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Women’s Heart Policy October, 2004 Gastein John O’Toole (personal capacity) Perm Rep of Irl to EU.

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Presentation on theme: "Women’s Heart Policy October, 2004 Gastein John O’Toole (personal capacity) Perm Rep of Irl to EU."— Presentation transcript:

1 Women’s Heart Policy October, 2004 Gastein John O’Toole (personal capacity) Perm Rep of Irl to EU

2 CVD largest killer of women in Europe CVD number one killer in Europe, nearly half of all deaths for both sexes, 1 in 3 deaths globally CVD is most common disease in EU CVD is most common killer of women, 55% of all deaths in women are from CVD More women die of CVD than of all cancers combined

3 CVD a neglected killer of women CVD affects women 10 yrs later than men Women less likely to survive MI than men A woman has 50% of dying from first MI, compared with a 30% chance for a man Of those who survive first MI, 38% of women will die within a year, compared to 25% of men Twice as many women as men who have MI will be disabled Stroke kills more women than men, although more men have strokes

4 Women and CVD Reduced mortality but increased morbidity Different risk factors: diabetes, stress, pill Greatest risk factor for women is smoking UK study found that women who drank > 21 units week 70% increased risk of stroke Different treatment regimes, now smaller doses, catheters and stents

5 European Policy Initiatives European Heart Network doing great work, set up informally in 1986, formally in 1992 1996 EHN debated issue of women & CVD at annual congress of ESC Expert Report Euro Heart Health Initiative published February 1997 1998 Euro Heart Health Initiative by EHN 2000 first World Heart Day

6 EU Policy Initiatives Maastricht Treaty 1992 official EU role first time “major health scourges” 1994 Council adopted a resolution on CVD Commission report 1997 found: -gender differences diagnosis & treatment; outcomes & knowledge based on male 2002 Council information point on CVD 2003 Council healthy lifestyles 2004 Year of Education though Sport

7 EU Public Health Programme 2001-2006 Previously fragmented disease-oriented approach with thin spread of resources Now strategic focus on key priorities which are integrated and mutually re-inforcing Emphasis achieving & maintaining better health: information, action & promotion Synergies with other Community policies Exchange of best-practice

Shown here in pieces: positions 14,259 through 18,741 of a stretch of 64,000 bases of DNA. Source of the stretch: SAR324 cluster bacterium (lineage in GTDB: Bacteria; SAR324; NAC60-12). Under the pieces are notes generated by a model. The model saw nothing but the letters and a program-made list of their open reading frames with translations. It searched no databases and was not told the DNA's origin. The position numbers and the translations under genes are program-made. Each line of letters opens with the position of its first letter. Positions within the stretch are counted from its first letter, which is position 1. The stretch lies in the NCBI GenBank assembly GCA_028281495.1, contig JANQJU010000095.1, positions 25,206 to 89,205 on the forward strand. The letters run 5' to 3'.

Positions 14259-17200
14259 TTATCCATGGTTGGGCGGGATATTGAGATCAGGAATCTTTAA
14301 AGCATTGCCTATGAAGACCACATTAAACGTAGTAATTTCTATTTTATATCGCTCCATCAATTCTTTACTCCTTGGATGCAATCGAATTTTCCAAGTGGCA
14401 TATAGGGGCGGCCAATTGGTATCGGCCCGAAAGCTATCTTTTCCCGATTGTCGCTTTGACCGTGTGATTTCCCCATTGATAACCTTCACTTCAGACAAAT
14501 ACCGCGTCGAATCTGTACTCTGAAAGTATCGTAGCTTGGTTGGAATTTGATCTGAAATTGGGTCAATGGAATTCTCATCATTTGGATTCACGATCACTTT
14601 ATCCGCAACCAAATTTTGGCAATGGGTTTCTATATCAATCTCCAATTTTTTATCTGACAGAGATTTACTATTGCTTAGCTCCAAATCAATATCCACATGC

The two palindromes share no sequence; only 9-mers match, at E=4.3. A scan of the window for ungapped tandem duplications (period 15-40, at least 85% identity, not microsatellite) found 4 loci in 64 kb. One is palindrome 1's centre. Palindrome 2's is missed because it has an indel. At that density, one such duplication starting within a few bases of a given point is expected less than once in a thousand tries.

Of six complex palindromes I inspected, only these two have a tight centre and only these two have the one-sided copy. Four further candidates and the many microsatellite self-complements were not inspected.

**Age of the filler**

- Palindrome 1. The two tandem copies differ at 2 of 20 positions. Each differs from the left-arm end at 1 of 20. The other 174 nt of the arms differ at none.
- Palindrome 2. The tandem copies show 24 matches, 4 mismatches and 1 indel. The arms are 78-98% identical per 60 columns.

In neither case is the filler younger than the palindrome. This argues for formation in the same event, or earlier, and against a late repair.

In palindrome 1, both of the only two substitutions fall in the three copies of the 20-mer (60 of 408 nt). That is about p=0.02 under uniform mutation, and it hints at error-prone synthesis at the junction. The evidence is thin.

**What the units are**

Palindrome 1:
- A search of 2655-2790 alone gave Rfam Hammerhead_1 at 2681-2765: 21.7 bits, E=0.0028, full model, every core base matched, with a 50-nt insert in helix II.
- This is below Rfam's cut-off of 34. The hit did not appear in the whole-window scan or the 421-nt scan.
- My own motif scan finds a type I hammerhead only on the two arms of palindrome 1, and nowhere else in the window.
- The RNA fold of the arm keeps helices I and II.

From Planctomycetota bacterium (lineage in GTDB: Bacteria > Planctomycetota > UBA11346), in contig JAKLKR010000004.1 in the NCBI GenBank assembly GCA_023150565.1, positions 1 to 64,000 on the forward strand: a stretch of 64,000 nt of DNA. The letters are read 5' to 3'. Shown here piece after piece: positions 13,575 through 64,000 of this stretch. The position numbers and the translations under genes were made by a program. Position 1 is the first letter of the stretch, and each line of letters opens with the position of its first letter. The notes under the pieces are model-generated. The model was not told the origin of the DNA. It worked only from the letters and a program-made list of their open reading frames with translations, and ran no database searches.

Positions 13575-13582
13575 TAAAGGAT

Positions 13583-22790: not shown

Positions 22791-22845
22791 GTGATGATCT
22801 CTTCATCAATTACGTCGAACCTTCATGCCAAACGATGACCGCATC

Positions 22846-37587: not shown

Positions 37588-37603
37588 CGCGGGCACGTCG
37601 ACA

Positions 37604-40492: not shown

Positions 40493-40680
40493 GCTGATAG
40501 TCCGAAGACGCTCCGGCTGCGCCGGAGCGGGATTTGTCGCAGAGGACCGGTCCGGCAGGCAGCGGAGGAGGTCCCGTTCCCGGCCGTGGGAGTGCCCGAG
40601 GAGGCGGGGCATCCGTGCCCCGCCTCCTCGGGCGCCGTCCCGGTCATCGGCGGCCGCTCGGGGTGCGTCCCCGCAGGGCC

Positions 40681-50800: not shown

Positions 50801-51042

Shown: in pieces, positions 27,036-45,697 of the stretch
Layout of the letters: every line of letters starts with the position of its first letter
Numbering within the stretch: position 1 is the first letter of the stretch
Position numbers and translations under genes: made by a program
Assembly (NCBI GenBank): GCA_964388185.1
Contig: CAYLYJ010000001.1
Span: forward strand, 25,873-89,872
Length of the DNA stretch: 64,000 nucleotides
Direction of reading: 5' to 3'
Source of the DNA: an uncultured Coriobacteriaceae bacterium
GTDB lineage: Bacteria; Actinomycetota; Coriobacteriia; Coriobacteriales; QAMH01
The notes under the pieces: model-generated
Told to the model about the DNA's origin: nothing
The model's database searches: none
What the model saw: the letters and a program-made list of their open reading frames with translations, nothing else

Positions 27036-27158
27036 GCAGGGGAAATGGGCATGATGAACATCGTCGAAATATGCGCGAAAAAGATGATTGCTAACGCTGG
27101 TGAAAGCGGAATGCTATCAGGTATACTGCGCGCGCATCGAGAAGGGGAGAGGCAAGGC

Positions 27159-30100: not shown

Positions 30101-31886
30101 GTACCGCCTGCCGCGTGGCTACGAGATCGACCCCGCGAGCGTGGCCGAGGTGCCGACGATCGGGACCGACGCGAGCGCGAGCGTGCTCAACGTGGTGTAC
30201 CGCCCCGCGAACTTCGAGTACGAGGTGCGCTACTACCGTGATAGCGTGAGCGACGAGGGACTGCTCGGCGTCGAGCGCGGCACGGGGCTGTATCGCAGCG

8 Irish EU Presidency 2004 Heart Health chosen as the main theme Partnership of Irish Presidency, European Commission, European Heart Network, European Society of Cardiology and WHO in association with US Department of Health & Human Services Expert & Min meetings held in Lux & Cork Council Conclusions agreed heart health

9 Irish Presidency 2004 1996 “Building Healthier Hearts” 211 recs Common & consistent strategies to promote heart health Share experiences, knowledge and approaches Health promotion strategy take account of social, cultural, gender & age differences Health determinants: diet, nutrition, excess alcohol, tobacco control & physical activity

10 Obstacles to EU Action Public perception CVD as a “male” issue Low awareness among women of CVD Women fear cancer, esp. breast cancer CVD risk is 10 times that of breast cancer Absence of an EU legal health base EU Public Health Funding

11 CVD is preventable More gender-specific health policies More gender-specific health information More CVD research on women Appropriate public health interventions NICO Lifestyle changes Promotion & treatment targeted at women Multi-sectoral health promotion approach

12 A major Public Health Challenge Need more ongoing surveillance Need more timely intervention Ageing of the Population High prevalence of primary risk factors (obesity, smoking, sedentary) in women Must involve women in design & delivery Obesity a major cause CVD in future

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